The most invisible segment of the American economy is that of the working poor. The homeless sleep under the bridges named for the wealthy while the middle-class drive past in their minivans. What of the working poor? What of those people who slouch from job to job, bringing us our meals, cleaning our hotel rooms and our houses, stocking our cheap imported goods at Wal-Mart? These people are the background to the capitalist life we all lead, pervasive in every part of our lives. Yet who speaks for them? One person who does is Barbara Ehrenreich, one of the finest voices to cry out from the dark side of the American dollar.
In her book, Nickel and Dimed, Ehrenreich decides to see if she can learn anything about this world of service workers and their â€œliving wage.â€ At this time, she was already a well-published author and wrote for the New York Times. Yet she was afraid that simply looking at charts and statistics about working poverty would miss the point of the issue, miss the human heart which beats and aches beneath. So she set out to do a little old-fashioned investigative journalism. She moved around the country, pretending to be someone else â€“ a newly divorced woman in her late forties with no dependents, no money, and no education â€“ something becoming ever more common.
So out went Ph. D. educated Barbara Ehrenreich into the service sector. The context of this book is the late Nineties, back when Republicans still controlled Congress and were busy doing their best at slashing and burning years of welfare bills and other forms of assistance to the poor. The greatest argument made at the time was that people could find jobs that would sustain them without any government aid at all. Of course, one wonders why they simply did not do that in the first place if this was indeed true. But talk radio and cries of â€œLazy!â€ pulled the economic rug out from under millions of families, children, and single women. Ehrenreich wanted to know if they really could survive. What she found was amazing.
Despite her skills at undercover work and social analysis, Ehrenreich is first and foremost a storyteller. Everything she says carries with it that spark of life so necessary to truly learning about anything. One job she takes is as a waitress at a family restaurant. After reading those chapters, you will tip more when you go out to eat, just as you will no longer mess up a hotel room since you do not have to clean it or move items around a Wal-Mart for fun. Ehrenreich makes herself at home in these jobs and finds herself unable to make ends meet within a month at the end of each job. She does all sorts of things, exhausts every option available, and finds herself unable to earn a living wage. It’s not laziness which causes poverty in most cases, it’s the entire system built around the dollar we treat as the partner to oxygen in regards to necessity in our lives. Without the poor, there can be no rich. To say that the rich stand upon the backs of the poor is exploiting language, but the poor are still being exploited too. That’s a simple fact of life, but not something the people of God should be apathetic about. Many books have come out lately criticizing this structure. Bait and Switch, Class Issues, On Paradise Drive and Limbo are all books by top-notch authors and newspapers which explore class and money in America and conclude that the two are more intertwined and exert more influence now than ever before in America.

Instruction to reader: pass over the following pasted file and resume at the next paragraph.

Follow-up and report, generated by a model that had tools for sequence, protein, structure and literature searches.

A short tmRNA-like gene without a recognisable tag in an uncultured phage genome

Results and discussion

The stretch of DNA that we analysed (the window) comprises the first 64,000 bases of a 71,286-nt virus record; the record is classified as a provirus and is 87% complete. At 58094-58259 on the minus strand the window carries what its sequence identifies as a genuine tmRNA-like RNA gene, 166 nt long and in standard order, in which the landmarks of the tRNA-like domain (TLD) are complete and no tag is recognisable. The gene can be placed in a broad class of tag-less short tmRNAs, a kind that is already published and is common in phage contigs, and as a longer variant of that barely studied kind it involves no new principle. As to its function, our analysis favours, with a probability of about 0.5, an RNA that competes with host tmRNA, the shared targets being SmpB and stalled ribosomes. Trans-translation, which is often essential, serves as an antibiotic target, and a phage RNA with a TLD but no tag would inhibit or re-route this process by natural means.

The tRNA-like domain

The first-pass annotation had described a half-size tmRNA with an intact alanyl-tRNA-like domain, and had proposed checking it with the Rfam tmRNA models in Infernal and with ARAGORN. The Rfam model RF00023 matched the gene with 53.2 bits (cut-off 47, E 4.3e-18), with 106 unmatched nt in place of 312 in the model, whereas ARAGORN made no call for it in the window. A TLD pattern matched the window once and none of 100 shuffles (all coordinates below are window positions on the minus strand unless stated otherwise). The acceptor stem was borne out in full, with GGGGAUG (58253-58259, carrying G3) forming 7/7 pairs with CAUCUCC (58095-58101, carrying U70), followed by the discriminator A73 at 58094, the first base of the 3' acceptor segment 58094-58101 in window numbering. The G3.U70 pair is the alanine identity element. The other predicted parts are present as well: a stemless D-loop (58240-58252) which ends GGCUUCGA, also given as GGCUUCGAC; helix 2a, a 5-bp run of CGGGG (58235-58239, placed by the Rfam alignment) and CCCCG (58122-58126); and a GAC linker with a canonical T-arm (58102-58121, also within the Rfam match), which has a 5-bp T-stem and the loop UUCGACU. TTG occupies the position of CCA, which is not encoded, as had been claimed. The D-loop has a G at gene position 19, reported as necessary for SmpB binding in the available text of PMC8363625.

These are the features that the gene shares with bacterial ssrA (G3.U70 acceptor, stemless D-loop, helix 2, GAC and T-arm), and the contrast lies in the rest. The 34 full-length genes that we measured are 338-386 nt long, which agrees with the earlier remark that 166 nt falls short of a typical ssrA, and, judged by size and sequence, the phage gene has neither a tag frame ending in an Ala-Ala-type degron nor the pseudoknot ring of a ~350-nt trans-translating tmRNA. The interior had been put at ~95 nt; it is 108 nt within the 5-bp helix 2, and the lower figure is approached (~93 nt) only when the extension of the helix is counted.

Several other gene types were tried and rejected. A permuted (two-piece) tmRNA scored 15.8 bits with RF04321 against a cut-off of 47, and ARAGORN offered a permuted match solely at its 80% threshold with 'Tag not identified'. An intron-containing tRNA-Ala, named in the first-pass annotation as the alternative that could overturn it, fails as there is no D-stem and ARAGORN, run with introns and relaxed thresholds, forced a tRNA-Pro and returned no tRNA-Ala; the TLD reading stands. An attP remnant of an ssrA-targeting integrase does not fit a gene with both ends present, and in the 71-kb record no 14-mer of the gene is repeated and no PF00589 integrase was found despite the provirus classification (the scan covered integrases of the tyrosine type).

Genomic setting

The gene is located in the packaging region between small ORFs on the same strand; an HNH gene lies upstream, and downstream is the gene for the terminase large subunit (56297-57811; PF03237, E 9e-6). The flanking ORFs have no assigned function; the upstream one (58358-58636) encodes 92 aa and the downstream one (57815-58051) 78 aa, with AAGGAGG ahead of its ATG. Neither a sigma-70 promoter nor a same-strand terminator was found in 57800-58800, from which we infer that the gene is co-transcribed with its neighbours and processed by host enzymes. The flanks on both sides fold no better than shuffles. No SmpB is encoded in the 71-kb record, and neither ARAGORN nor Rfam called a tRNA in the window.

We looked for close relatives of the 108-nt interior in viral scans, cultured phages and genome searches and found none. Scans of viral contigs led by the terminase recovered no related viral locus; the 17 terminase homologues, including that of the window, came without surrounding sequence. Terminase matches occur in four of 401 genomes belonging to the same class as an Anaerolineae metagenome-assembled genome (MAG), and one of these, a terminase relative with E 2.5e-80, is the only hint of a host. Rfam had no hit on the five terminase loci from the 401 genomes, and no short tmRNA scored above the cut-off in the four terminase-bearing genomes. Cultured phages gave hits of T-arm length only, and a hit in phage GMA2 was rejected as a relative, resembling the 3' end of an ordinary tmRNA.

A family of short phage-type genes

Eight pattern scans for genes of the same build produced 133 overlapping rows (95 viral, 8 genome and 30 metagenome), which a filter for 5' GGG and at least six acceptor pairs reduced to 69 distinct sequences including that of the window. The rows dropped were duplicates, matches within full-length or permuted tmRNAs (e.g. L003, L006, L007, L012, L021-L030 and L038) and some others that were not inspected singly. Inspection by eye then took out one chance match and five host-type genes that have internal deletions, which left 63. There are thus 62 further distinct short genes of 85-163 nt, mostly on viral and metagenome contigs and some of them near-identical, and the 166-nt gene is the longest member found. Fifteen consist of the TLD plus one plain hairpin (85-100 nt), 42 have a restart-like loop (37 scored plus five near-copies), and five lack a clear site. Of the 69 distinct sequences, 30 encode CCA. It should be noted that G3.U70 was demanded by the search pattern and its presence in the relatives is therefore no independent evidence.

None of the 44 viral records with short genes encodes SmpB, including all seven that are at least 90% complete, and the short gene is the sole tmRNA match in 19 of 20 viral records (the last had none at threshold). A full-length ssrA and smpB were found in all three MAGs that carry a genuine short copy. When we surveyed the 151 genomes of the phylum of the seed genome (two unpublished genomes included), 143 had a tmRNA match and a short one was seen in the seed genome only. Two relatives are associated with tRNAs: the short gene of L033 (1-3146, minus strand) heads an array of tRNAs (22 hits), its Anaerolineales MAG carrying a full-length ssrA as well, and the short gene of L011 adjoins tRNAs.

In his book, Slouching Towards Gomorrah, Robert Bork talks about how two social scientists say that the distribution of wealth is a problem of jealousy and not a real problem. If everyone magically had twice the amount of money, they theorize, no one would complain about poor and rich. This misses the point that many who are poor are not able to fulfill the basic needs of life on what they currently make. Being poor does not mean failing to have the newest television, a new car, or designer jeans. Being poor means not having insurance, clipping coupons and still going to bed hungry, living in a car for a month because you can’t pay the rent. That’s the real face of poverty.
Maybe you can’t buy the case for American poverty, the things Barbara Ehrenreich is writing about this book. What you should buy is the case for the global poor, those who make it seem as though the poor in America are living as kings of capitalism. These are people who live their whole lives in dumps bigger than cities, digging through what everyone else throws out to stay alive or people living in slavery, nearly 70 million across the world, Sojourners magazine recently reported or children slaving away in sweatshops or farm plantations or mines or factories. These people are the backbone of the global economy, a back which is breaking under the weight of injustice.
And here in America, with every shirt we buy, every tank of gas we fill, every apple we bite into, every tennis racket we swing, every shoe we slip on, every Frisbee we throw, we are cementing the political and economic structures which oppress these poor. If that is not something which troubles us greatly, then our hearts lay victim alongside peace and justice in the shadow of our freshly globalized world.
Read this book. Don’t buy it. Borrow it from a friend, check it out from the library, read it in the bookstore. Take the 15 dollars you would have spent on it and give it away to a homeless person. These are issues we need to think about. These are patterns we need to change.
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